Date of Award
Master of Science (MS)
John D. King
The purpose of this study was to determine the degree of interrelationship among the Wechsler Preschool and Primary Test of Intelligence (WPPSI), the Wechsler Intelligence Scale for Children (WISC), and the Stanford-Binet, Form L-M(S-B) when all three tests were administered to a population of kindergarten children. The S-B was used as a criterion measure against which to compare the results of the WPPSI and WISC. Ss were 24 randomly selected kindergarten children from the Hays, Kansas Public Schools. All Ss were administered the WPPSI, WISC, and S-B. Rank Difference correlation coefficients were calculated between WPPSI (V, P & FS), WISC (Y, P, & FS), and S-B IQs. Differences between correlations were determined by Hotelling's t formula for non independent r’s (Guilford, 1965). The significance of difference between mean IQs was computed by t tests and Dunnett's Test (Edwards, 1960). No significant differences were found between correlations. It was therefore concluded that S-B scores could be predicted equally well from performance on either the WPPSI or the WISC. In comparing the various mean IQs it was found that the mean WISC V IQ was significantly lower than both the mean S-B and mean WPPSI V IQs. In addition, the mean WISC FS IQ was significantly lower than the mean S-B IQ. However, no significant differences were obtained between the mean WPPSI (V, P & FS) IQs and the mean S-B IQ. Therefore, in terms of mean IQs, the WPPSI more closely approximated the S-B than did the WISC. It was concluded that the results of this study offer only marginal statistical support in favor of the WPPSI. Further research was recommended. In the meantime, the author states that the question as to which test to use remains personal and practical.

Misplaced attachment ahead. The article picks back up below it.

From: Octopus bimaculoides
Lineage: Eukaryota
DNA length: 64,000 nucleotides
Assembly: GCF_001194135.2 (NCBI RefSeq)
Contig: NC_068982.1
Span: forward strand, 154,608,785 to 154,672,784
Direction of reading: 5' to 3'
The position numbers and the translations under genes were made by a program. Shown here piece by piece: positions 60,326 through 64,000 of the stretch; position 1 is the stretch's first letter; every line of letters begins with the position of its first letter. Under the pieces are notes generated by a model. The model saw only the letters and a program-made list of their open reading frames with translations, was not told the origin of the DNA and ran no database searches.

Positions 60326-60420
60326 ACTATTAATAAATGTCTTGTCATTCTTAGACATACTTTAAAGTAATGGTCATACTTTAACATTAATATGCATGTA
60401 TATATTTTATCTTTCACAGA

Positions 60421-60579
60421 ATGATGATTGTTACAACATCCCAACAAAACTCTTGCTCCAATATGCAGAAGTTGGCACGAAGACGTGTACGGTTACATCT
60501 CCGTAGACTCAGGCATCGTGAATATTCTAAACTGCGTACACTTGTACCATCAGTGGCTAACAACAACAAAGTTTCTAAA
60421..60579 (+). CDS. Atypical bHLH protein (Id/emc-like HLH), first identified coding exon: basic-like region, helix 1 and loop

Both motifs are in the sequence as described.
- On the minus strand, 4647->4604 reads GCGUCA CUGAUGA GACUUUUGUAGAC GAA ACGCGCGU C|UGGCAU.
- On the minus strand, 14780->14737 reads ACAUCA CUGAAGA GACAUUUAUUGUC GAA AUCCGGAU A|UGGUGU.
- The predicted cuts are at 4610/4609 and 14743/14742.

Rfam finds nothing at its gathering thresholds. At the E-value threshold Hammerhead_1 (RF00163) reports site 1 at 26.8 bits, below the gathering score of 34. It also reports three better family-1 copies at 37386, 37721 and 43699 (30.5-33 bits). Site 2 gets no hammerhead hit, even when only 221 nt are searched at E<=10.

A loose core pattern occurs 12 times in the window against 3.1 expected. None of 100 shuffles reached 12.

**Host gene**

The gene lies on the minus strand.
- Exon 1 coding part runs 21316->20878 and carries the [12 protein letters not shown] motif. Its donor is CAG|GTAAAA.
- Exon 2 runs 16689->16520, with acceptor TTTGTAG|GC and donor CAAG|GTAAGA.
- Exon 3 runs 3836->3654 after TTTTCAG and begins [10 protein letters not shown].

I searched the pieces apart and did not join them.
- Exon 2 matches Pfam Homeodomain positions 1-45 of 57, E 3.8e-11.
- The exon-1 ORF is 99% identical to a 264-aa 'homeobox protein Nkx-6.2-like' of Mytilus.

Copyright 1969 Robert A. Eckman
Eckman, Robert A., "Kindergarten Performance on the Wechsler Preschool and Primary Scale of Intelligence Compared with the Revised Stanford-Binet, Form L-M, and the Wechsler Intelligence Scale for Children" (1969). Master's Theses. 1197.